IBM i Power8 Migrations Flourish, Say Service Providers
August 22, 2016 Dan Burger
IBM‘s second quarter financial report was an icy description of Power Systems revenue. It exposed a shivering 24 percent decline compared to a year earlier. Despite that biting insight, there’s a warm glow in the midrange market that is predicted to continue through the third quarter. Migrations to Power8 boxes are finding momentum in the IBM i-dominated small to midsize market, where purchases have been delayed, but are now occurring at an accelerated pace.
With hardware migrations comes downtime, so it’s interesting to take a peek at how the migration/downtime dilemma is being handled.
Bob Johnson, an executive vice president at Vision Solutions, talked with IT Jungle about some migration trends discovered by a Vision Solution survey. Let’s begin with 66 percent of IT professionals admitting to delaying hardware migrations for reasons attributed to concerns about downtime, lack of resources, no plan for accomplishing the migration, and costs related to the hardware upgrade.
“Their fears are not unfounded,” Johnson says. His evidence comes from additional eye-opening stats from the Vision survey.
Nearly 75 percent of all companies that performed a migration in 2015 were offline or experienced downtime for 48 hours or more, while 35 percent of companies surveyed said they lacked the experience or the expertise to confidently perform a system migration. A confidence-shaking 44 percent of businesses experienced a migration failure in 2015.
These numbers point to some serious migration dilemmas: downtime that extends beyond most companies’ comfort zone; a lack of skills to complete the migration project and get it right; and an uncertainty about how to proceed.
Vision Solutions is the dominant vendor in the IBM i high availability software field. According to Johnson, the IBM i customer base at Vision Solutions tops 5,000 and contributes 80 percent of the company’s revenue.
When Vision was acquired by Clearlake Capital Group three months ago, its total customer base was estimated at 12,000. That leaves 7,000 customers on systems other than IBM i and those systems bring in 20 percent of Vision’s revenue. Background on which customers participated in the survey was not provided.
From Johnson’s perspective, the lack of skills to do a hardware upgrade is universal regardless of whether the computing platform is IBM i, Windows, Unix, or Linux. Therefore, the survey numbers have a minimal margin of error when the conversation turns platform specific.
“We see a tremendous amount of opportunity as IBM i customers move to Power8,” Johnson says. “IBM i shops run critical apps on Power and when they go offline it causes significant business disruption.”
Helping IBM i customers migrate to Power8 by reducing downtime is a growing services business for Vision. Johnson expects it to grow.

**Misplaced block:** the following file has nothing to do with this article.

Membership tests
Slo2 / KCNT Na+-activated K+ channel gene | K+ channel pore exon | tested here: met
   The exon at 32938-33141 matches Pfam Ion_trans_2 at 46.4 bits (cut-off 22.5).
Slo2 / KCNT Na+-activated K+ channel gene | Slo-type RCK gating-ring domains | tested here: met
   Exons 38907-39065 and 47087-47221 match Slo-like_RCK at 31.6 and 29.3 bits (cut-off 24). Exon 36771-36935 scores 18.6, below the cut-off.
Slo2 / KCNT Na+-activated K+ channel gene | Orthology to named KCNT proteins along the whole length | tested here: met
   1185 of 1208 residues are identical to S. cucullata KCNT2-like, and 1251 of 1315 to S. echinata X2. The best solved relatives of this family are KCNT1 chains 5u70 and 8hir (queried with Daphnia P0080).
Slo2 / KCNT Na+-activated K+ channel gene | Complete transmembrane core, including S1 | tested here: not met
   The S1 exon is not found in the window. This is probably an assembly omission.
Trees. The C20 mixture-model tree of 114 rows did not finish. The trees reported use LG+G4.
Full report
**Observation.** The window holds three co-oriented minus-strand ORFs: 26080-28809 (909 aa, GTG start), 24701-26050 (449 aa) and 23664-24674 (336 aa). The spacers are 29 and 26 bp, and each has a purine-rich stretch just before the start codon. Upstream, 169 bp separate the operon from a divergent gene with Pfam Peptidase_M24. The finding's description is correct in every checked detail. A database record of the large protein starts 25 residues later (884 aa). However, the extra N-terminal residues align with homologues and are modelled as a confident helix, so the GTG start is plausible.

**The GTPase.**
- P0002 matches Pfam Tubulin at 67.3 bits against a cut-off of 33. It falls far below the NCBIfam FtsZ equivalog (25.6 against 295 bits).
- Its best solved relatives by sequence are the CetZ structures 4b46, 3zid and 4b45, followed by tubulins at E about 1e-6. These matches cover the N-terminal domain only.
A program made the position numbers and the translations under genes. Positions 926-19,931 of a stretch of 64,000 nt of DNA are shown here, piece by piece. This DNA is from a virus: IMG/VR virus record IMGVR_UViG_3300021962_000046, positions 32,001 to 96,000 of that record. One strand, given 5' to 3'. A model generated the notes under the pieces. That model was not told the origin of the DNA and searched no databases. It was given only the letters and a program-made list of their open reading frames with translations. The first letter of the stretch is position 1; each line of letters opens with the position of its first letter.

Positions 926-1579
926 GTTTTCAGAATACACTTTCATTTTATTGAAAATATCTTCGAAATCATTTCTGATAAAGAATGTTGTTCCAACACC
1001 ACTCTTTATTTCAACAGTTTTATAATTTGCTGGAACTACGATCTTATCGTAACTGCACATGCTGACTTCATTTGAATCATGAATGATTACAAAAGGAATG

“Most companies don’t maintain the expertise to conduct migrations in the manner that we can deliver, which is ultimately minimizing or eliminating downtime and the risks behind it,” he says.
Vision isn’t the only company with a services business built around migrations. Focal Point Solutions Group has spotted this opportunity as well. Ron Venzin, CEO at Focal Point, believes Power8 migrations are picking up speed in IBM i shops.
“It was always our belief Power8 was released too early, which helped create a slower adoption rate,” he says about the IBM i community. “What significant feature was provided in Power8 that would make a customer move from Power7 or Power7+ to Power 8? The improved Linux capabilities were not going to make large numbers of CIOs upgrade!”
IBM i shops that didn’t buy Power7 or Power7+ boxes are now ready to move to Power8 because the maintenance costs on the older boxes are relatively high, Venzin says. “We use their yearly maintenance cost savings to often justify the purchase of a Power8 server.”
That perspective is shared by Pete Massiello, CEO at iTech Solutions Group.
Massiello says IBM i shops are looking at the costs for three more years of hardware/software maintenance and finding it compares favorably with the cost to bring in a new Power8. “And, by the way, the Power8 with all solid state drives is not much more,” he notes.
The majority of iTech’s customers are small to midsize businesses and many of them are ready for a Power8.
“I would not expect the pace of migrations to get any hotter than it is right now,” he says. “IBM began a license transfer savings promotion back in May that continues until the end of September. There’s been really good traction on that. Small customers can save $5,000 on a license transfer.” (We detailed this promotion at this story.)
Johnson describes hardware migrations as Vision’s biggest revenue driver right now. In addition to server upgrades, he says other migration drivers include moves to greener, more efficient data centers, moving workloads to LPARs, and database migrations. He also says there’s a lot of consolidation in the healthcare and financial markets that are fueling hardware upgrades.
“Companies are bringing their acquisitions to the IBM i infrastructure, which is putting more data and applications on the i platform,” he says.